Re: [Gnosticism2] Re: Ghosts
- Yes I wonder that too. Holy Ghost and Holy Spirit.The whole Trinity. In the Gnostic Gospels by Pagel..the Spirit is actually Feminine in nature. I want to say Valentinius I don't have my book with me in the office so I can't say for sure.Personally I feel that somewhere there has to be a feminine divine. Why not a feminine spirit? Otherwise why then did God bother creating women altogether. Eve from Adam's rib and Adam is made in the image of God then God must be androgynous or hermaphroditc or asexual no? The more I read about Christianity, the more confused I get. All these creeds, The Apostles Creed the Nicene Creed blabbly blah..are so political in order to gain control over the masses I really wonder if there is any spirituality left in Christianity? Sorry for digressing..AA
JennyG <aurum@...> wrote:
I was wondering how the gnostics of the early Christian era C.E. 50 or
earlier viewed Ghosts. To me ghosts are the spirits of the deceased that
either died tragic deaths, or those who passed but are in denial about their
own mortality so they hang around on the earthly plane just on a different
frequency than the human eye and ear can pick up (unless your a sensitive
I joined recently having met Karl in another group, I am not sure what type
of discussions you have here, but I thought I would jump in on this one.
Good question Arlene, I look forward to hearing some replies. I am not
very scholarly or learned on The Gnostic texts so I will just lurk quietly,
if no one minds.
On this topic though I just want to say that I wonder why some of the
Churches called the Holy Spirit, "Holy Ghost. I remember as a child in
the Anglican Orphanage that I was terrified of the Holy Ghost. We had heard
the usual childhood stories of ghosts as scary spectral beings haunting the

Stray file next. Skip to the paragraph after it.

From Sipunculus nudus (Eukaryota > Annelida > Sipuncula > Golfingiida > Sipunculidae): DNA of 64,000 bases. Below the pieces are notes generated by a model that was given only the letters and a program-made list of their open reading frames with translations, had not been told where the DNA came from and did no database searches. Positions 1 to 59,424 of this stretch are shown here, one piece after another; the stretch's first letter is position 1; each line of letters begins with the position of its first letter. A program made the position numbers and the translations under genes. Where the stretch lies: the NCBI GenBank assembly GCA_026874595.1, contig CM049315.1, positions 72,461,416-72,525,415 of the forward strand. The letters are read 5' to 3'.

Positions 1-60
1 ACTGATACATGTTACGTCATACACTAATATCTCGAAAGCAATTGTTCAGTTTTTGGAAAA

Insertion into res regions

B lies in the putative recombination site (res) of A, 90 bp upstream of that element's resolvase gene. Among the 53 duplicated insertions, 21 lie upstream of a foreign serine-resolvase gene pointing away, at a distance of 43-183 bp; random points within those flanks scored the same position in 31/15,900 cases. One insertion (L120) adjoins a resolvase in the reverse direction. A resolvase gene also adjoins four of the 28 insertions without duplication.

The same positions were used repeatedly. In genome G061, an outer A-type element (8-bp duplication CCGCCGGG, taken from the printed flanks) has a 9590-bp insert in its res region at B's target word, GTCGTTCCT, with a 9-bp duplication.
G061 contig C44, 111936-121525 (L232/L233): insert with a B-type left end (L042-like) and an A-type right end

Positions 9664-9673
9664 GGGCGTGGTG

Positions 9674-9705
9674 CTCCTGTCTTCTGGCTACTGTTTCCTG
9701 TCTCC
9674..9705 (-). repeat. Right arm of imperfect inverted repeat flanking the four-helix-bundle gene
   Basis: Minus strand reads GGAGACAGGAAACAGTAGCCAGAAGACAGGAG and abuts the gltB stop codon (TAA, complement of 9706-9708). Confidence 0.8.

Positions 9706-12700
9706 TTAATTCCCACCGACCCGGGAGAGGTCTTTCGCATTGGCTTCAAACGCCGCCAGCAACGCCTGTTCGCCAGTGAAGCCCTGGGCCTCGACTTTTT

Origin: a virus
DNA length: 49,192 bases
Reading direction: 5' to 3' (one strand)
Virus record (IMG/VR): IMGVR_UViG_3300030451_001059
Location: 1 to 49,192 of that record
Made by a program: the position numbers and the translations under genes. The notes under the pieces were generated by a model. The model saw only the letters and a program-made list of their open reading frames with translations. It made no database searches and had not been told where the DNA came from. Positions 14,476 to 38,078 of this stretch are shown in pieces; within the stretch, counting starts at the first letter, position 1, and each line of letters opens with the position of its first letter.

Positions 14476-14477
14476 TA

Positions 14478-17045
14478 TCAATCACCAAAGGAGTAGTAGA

living. It was only later in my RC phase when it became "Spiritus
Sanctus" that I could relax and stop looking over my shoulder :)
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- Hello lady_caritas
On 08/12/05, you wrote:
> --- In firstname.lastname@example.org, "janahooks" <janahooks@y...>
>> Hello, Mike.
>>> Well the theosophists would say (recasting their termanalogy into
>>> gnostic) that at death only the portion of soul useful to the
>>> is saved, the rest is left to decay.
>> Now, that's something to think about: what part of my soul is
>> to my spirit? I might not sleep if I think about that. ;)
> Say, Mike, to tie in Plotinus and the Enneads that Steve brought up,
> I didn't know that Plotinus was a "Great Theosophist." ;-) lol Per:
> Anyway, if you scroll about halfway down the page linked above,
> Plotinus and Porphyry, have a dialogue about the soul.
> Plotinus: "Every soul has a lower part turned toward the body, and a
> higher part turned toward the divine intelligence."
> Anyone want to comment about how the Gnostics viewed "soul" and its
> relation to death? (Are we just talking about physical death here?)
> The Gnostics seemed to be more preoccupied with cosmogony,...
> beginnings, origins, reunification, as I believe Gerry pointed out
> earlier. Do the Gnostics have anything to specifically say about
> reincarnation, or not?
I can't give you citations, but some of the writings specifically say
if you don't make it you are turned back to earth. I read such a
passage here just a few weeks ago. May have been Phillip, but I
can't remember. No idea of karma there though.
Mike Leavitt ac998_@_lafn._org remove -'s